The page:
(Bloomberg) -- A BlackRock Inc.-backed plan to build a pipeline that would capture carbon emissions from the US corn ethanol industry was scrapped in the face of regulatory obstacles and opposition from landowners.

Navigator CO2’s proposal to build more than 1,300 miles (2,092 kilometers) of pipeline across five Midwest states — known as the Heartland Greenway project — had been backed by investors including BlackRock, top ethanol maker Poet LLC and fuel producer Valero Energy Corp. The cancellation raises questions about the viability of similar projects supported by large agriculture and fuel companies. 

“Given the unpredictable nature of the regulatory and government processes involved, particularly in South Dakota and Iowa, the company has decided to cancel its pipeline project,” Omaha, Nebraska-based Navigator CO2 said in a statement.

Summit Carbon Solutions, which seeks to build an even bigger carbon dioxide pipeline, was denied a permit by North Dakota in August and is asking officials to reconsider the decision. Summit Carbon, a unit of Summit Agriculture Group, said it aims to gain from Navigator’s departure.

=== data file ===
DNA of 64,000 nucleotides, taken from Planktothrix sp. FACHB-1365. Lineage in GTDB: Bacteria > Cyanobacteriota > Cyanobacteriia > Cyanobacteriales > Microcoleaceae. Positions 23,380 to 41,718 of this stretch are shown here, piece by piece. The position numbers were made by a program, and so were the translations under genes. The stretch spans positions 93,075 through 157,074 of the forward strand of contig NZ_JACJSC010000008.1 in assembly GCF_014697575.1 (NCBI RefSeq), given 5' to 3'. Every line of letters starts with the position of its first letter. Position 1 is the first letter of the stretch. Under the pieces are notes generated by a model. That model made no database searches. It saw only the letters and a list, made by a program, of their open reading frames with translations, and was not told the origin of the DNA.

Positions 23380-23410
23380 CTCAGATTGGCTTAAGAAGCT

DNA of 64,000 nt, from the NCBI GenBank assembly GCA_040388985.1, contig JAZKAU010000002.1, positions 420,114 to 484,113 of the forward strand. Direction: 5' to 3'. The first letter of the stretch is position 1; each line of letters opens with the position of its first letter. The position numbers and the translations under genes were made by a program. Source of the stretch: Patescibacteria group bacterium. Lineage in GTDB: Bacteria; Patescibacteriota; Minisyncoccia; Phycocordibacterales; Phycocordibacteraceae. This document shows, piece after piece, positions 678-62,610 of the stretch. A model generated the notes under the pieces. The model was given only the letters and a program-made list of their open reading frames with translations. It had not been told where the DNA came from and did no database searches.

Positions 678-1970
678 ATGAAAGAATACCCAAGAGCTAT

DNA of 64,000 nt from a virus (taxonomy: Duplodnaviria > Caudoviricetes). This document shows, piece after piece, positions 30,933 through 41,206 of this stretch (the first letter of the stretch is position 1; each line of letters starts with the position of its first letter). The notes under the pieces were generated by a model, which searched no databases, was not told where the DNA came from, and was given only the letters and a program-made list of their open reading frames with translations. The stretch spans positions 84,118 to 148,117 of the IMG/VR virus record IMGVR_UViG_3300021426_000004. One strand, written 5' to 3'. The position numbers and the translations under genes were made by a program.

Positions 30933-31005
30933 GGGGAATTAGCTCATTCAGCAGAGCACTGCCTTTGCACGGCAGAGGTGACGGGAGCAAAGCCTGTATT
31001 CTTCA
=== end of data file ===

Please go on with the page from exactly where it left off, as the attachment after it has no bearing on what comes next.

“We are welcoming their plants into our pipeline,” Summit Agriculture Chief Executive Officer Bruce Rastetter said in an interview.

Read More: Summit Carbon Pipeline Gets Delayed Until Early 2026, CEO Says

While Navigator hasn’t had any conversations with Summit, the plants that had contracts with the Heartland Greenway project will be free to explore other options, said Elizabeth Burns-Thompson, a Navigator spokeswoman. 

Projects to capture emissions from ethanol plants are seen as crucial for the industry to benefit from potentially lucrative tax credits in President Joe Biden’s landmark climate bill. The incentives are aimed at shifting to a lower-polluting energy economy in an effort to fight climate change. 

(Updates with rival’s comments in third paragraph)

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